Home :: GT Clutch VS SR Clutch

GT Clutch VS SR Clutch

GT Clutch VS SR Clutch

What's better? GT-Race clutch or SR Clutch?


The SR clutch is quite different to the GT Race clutch. 

The main difference is in the way it transfers power through to the sprocket.

The SR clutch is a basic recreational system and uses about 8 shoes with one long spring holding them all in toward the centre. As the centrifugal forces act on the shoes, heat is created and the spring stretches. Just like a blacksmith, a stretched hot piece of metal does not go back to it’s original state and then it will have less tension. Less tension means it will engage at lower and lower RPM. This spring is not replaceable or adjustable. So you start with a set RPM value of about 2000rpm, and it slowly (or quickly in a race environment) will start engaging lower and lower until you can’t start the kart without it wanting to take off on you.
This issue is often relative to the amount of torque being pushed through a clutch.  The larger the capacity of an engine, the more of a problem this becomes.  For example, a 270cc or 390cc engine will be very hard on the clutch at engagement speeds of 2000rpm due to torque.  It's not the HP causing the problem, but simply the torque.  Often we're asked what is the maximum amount of horsepower that can be put through an SR clutch - this can be very high - it's theoretically possible to push 30-40hp through one of those clutches, but not at the point of engagement.  

Also, the SR clutch uses ‘fingers’. This type of clutch has a tendency to break the fingers due to the power being transmitted in a hurry during racing.

Here’s a run-down on how the SR works:

The GT Clutch is a two shoe, two spring system. 

It’s really strong, and you can replace all the parts – particularly of interest are the shoes and springs. Different shoes and springs allow you to adjust the RPM engagement speed, as well as the aggressiveness of the engagement.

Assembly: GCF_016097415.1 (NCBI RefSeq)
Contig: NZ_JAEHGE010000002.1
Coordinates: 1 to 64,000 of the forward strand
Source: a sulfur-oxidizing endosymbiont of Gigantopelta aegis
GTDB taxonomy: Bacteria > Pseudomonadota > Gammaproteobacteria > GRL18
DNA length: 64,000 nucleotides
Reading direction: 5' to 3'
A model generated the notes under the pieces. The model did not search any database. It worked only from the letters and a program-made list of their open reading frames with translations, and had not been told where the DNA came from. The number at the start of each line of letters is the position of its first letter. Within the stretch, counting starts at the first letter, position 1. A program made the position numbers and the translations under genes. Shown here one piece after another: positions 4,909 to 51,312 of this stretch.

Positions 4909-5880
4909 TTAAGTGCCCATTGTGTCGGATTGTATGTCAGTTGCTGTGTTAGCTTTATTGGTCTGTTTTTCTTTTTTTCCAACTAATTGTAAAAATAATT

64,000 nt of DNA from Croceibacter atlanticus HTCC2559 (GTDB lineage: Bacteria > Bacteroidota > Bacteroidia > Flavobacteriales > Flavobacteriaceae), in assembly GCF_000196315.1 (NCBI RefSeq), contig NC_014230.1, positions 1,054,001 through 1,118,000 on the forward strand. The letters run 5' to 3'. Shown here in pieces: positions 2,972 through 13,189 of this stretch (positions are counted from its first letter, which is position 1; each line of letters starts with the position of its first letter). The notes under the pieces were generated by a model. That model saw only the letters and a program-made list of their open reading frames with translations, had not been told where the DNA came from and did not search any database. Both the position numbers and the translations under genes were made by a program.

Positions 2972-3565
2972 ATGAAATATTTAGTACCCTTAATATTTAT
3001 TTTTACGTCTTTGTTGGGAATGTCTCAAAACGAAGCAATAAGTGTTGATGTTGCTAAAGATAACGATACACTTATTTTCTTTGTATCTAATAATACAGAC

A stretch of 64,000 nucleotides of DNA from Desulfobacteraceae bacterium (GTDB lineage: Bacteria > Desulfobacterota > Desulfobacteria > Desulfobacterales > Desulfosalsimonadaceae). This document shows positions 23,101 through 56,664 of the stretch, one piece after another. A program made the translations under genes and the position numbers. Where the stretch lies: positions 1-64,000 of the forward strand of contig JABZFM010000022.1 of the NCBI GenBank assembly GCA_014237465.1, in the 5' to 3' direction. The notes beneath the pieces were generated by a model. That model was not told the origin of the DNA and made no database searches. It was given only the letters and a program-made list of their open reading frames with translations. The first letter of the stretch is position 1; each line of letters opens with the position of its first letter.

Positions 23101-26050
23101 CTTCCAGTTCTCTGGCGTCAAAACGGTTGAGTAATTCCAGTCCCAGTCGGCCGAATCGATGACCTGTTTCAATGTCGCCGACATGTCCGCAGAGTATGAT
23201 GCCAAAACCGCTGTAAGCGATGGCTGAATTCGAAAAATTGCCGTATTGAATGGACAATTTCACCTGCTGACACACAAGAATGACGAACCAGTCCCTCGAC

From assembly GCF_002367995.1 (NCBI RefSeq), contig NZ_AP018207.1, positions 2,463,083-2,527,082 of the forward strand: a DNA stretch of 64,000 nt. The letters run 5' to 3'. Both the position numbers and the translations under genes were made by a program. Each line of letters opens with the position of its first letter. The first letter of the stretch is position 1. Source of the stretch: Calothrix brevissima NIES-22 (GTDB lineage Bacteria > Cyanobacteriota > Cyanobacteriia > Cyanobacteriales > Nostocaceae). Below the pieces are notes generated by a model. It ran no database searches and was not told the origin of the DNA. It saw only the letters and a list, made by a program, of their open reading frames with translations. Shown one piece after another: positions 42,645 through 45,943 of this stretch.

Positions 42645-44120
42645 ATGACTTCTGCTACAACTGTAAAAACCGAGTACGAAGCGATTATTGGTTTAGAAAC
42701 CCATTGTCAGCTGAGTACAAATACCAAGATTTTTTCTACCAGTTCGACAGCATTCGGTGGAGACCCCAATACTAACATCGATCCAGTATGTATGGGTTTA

Here’s a more thorough look inside the GT Race clutch:
The springs will take a real beating, and the whole thing can get really hot before they eventually fail. If they do, it will be because they have got hot so many times they become brittle, and snap. Then you simply buy a new set (they’re really cheap) and throw them in and you’re away again!

Also, the corer has two really solid points where the shoe fits in – these don’t break off like the fingers in the SR unit.


As far as gearing is concerned, the first link about the SR clutch should answer those questions for you.  Here it is again:
If you’re racing on a short track then we recommend a 12T front and a 61T rear – then move around depending on what you need. 

If you divide the front into the rear (ie: 61 / 12 =) then you get a ratio – in this case approximately 5. The higher the ratio, the more acceleration and less top speed. The lower the ratio, the more top speed, but less pull out of corners (less acceleration).

So if you want to get a higher top speed (assuming you have a long enough straight to get there) then remove teeth from the rear, or add them to the front. 

For example, removing 10 teeth from the rear gives us 51 / 12 = approximately 4, which is lower than 5 so it will give us more top speed, but it will be harder for the engine to get there so will limit our acceleration.
Want to buy an SR Clutch?  You can find them all here: http://www.cutpriceracing.com.au/store/Budget-4-stroke-Clutches/ 
Prefer to go with the higher performance model?  Here's a link to the GT http://www.cutpriceracing.com.au/store/Race-GE-GT-Range/